People who donate to white supremacist groups can get a tax break because the IRS considers many of them 'educational'

• Many white supremacist groups qualify as tax-exempt non-profits.
• Those organisations are not required to pay federal taxes, and donors are able to deduct contributions on their personal taxes.

• Some experts believe the IRS definition of “educational” activities should be limited to exclude advocacy groups.

In the eyes of the IRS, many white supremacist groups are on par with the United Way, American Cancer Society, or the Wounded Warrior Project — at least in terms of their tax obligations.

That’s because many advocacy groups, including white supremacist organisations, qualify for tax-exempt, non-profit status due to their engagement in activities that can be classified as educational by the IRS.

Most non-profit organisations in the US do not pay federal taxes, and donations from supporters qualify as a personal tax deduction.

According to the IRS, “an organisation may be educational even though it advocates a particular position or viewpoint, so long as it presents a sufficiently full and fair exposition of the pertinent facts as to permit an individual or the public to form an independent opinion or conclusion.”

But, the extent to which organisations achieve this neutrality is not closely monitored. Applying for — and being granted — non-profit status in the United States is managed exclusively by the IRS. Only 54 of the 92,129 applications for tax-exempt non-profit status filed last year — 0.05% — were denied.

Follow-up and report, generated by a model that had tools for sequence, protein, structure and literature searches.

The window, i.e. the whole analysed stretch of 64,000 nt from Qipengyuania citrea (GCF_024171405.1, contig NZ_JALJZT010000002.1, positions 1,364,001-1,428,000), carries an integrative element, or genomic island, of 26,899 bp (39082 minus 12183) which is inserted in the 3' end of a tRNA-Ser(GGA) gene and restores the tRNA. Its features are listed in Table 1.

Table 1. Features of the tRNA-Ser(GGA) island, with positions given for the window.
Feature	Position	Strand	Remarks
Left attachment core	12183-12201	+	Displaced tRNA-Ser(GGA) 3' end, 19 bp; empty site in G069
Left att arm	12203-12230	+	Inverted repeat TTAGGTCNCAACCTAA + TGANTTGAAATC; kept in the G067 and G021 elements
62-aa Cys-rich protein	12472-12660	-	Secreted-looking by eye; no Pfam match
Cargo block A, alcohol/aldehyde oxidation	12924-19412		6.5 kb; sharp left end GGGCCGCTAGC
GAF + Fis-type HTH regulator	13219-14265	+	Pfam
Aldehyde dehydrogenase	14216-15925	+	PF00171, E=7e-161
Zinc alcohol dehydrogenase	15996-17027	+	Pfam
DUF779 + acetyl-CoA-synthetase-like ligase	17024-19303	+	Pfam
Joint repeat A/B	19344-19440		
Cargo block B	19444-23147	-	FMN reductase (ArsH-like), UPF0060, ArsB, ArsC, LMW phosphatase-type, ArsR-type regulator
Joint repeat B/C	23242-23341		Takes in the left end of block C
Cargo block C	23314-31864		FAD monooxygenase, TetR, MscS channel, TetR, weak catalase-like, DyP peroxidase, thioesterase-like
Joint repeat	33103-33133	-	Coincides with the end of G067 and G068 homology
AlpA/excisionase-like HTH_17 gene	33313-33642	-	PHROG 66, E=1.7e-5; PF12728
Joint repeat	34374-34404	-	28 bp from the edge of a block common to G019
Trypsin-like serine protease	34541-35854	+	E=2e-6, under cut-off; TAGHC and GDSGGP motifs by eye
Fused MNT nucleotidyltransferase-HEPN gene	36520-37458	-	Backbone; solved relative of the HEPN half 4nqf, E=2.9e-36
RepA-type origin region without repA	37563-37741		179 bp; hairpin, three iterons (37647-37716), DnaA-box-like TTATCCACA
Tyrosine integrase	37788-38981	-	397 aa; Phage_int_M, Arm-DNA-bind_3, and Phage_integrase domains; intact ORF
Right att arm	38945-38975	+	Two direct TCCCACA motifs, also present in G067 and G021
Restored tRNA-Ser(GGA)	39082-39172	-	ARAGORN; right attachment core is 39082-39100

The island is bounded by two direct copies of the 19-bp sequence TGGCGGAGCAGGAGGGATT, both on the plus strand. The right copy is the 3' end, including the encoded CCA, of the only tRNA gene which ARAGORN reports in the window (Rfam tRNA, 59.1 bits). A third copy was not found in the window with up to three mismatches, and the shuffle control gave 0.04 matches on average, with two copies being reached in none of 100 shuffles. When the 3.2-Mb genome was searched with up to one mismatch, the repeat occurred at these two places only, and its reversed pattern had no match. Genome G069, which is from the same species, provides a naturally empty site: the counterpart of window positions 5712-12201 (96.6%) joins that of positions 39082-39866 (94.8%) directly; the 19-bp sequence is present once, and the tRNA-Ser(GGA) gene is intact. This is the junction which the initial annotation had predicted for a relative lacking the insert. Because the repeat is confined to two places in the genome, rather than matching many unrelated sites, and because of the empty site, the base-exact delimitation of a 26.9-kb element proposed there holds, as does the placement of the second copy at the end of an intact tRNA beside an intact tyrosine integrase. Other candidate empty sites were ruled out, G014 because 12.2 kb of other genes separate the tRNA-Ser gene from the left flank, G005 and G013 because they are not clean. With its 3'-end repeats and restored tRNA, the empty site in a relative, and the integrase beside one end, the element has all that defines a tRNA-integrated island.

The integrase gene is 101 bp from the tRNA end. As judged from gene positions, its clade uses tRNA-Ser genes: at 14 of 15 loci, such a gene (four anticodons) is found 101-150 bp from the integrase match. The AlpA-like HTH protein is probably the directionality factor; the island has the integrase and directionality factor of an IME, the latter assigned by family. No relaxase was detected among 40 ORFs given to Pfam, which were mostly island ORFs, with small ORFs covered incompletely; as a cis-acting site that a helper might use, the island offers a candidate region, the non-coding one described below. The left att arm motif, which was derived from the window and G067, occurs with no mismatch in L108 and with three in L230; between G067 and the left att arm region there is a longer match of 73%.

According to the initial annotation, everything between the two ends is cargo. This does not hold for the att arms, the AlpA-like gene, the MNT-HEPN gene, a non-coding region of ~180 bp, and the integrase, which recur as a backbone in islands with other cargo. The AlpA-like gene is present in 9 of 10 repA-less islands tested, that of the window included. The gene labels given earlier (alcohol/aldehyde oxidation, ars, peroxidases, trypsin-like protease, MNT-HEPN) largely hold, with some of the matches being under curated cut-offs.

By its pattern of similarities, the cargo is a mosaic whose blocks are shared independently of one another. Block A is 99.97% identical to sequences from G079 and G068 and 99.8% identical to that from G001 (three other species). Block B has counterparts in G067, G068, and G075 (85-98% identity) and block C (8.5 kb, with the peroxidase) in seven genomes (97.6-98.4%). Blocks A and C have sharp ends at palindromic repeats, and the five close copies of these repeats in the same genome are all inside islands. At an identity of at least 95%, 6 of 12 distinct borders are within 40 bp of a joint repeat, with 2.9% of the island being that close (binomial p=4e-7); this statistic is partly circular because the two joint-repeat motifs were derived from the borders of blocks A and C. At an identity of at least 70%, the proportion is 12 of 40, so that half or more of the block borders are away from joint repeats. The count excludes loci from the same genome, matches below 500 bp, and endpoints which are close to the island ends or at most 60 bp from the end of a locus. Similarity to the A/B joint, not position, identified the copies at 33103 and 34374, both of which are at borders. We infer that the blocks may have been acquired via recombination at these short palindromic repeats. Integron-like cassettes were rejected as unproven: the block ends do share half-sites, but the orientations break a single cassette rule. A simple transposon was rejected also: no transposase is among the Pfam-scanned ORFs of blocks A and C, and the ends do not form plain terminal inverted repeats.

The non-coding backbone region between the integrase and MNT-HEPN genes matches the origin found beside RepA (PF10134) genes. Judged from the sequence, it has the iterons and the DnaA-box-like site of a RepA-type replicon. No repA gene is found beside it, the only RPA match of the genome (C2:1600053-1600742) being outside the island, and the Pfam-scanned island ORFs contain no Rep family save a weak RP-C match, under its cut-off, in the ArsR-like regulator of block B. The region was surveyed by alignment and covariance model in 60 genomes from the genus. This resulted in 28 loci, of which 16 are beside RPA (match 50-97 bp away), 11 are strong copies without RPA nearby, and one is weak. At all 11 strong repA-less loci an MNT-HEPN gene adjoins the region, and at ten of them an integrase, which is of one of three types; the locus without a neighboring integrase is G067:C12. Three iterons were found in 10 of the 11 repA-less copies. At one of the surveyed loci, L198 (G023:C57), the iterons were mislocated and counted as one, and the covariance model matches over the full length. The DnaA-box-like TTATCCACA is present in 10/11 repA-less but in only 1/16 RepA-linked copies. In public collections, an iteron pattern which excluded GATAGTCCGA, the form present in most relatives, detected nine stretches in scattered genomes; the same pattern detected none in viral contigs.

Americans donated a record $US390 billion to US charities in 2016, according to philanthropy research fim Giving USA. Nearly $US60 billion of that amount went to educational organisations, the second-largest category for donations after religious organisations.

Organisations such as Donors Choose and Teach for America fall into the education category, as do alt-right groups such as the New Century Foundation, which runs the website American Renaissance and claims to “encourage sensible public policy on race and immigration,” according to charity informational tool Guidestar.

But the Southern Poverty Law Center, which tracks extremist groups, describes The New Century Foundation, which has benefited from tax-exempt status for over 20 years, as a “self-styled think tank that promotes pseudo-scientific studies and research that purport to show the inferiority of blacks to whites.” In 2015, the most recent year for which data is available, charitable donations to the organisation totaled $US243,861.

“We are an educational organisation, just as many other educational organisations take a particular point of view,” Jared Taylor, president of the New Century Foundation, told the Washington Post. “We have been scrupulously abiding by IRS regulations since 1994.”

But some experts take issue with the current definition of “educational” activities for non-profit status.

“This recognition not only results in potential lost revenue for government programs, but it also serves as a public subsidy of racist propaganda,” assistant professor of law and director of the Community Economic Development Clinic at the University of Tennessee, Knoxville, Eric Franklin Amarante wrote in a paper published earlier this year. “This is all due to an unnecessarily broad definition of ‘educational’ that somehow encompasses the activities of universities, symphonies, and white supremacists.”

Amarante goes on to propose limiting the definition of “educational” activities to mean “traditional schools, distance-learning organisations,” and “museums, zoos, planetariums, symphony orchestras, and other similar organisations.”

As it stands today, white supremacist groups are more likely to lose their tax-exempt status over administrative errors than other reasons.

The National Policy Institute, which is led by well-known alt-right leader Richard Spencer, lost its 501(c)3 tax-exempt status earlier this year after failing to file the appropriate paperwork, the Los Angeles Times reported.

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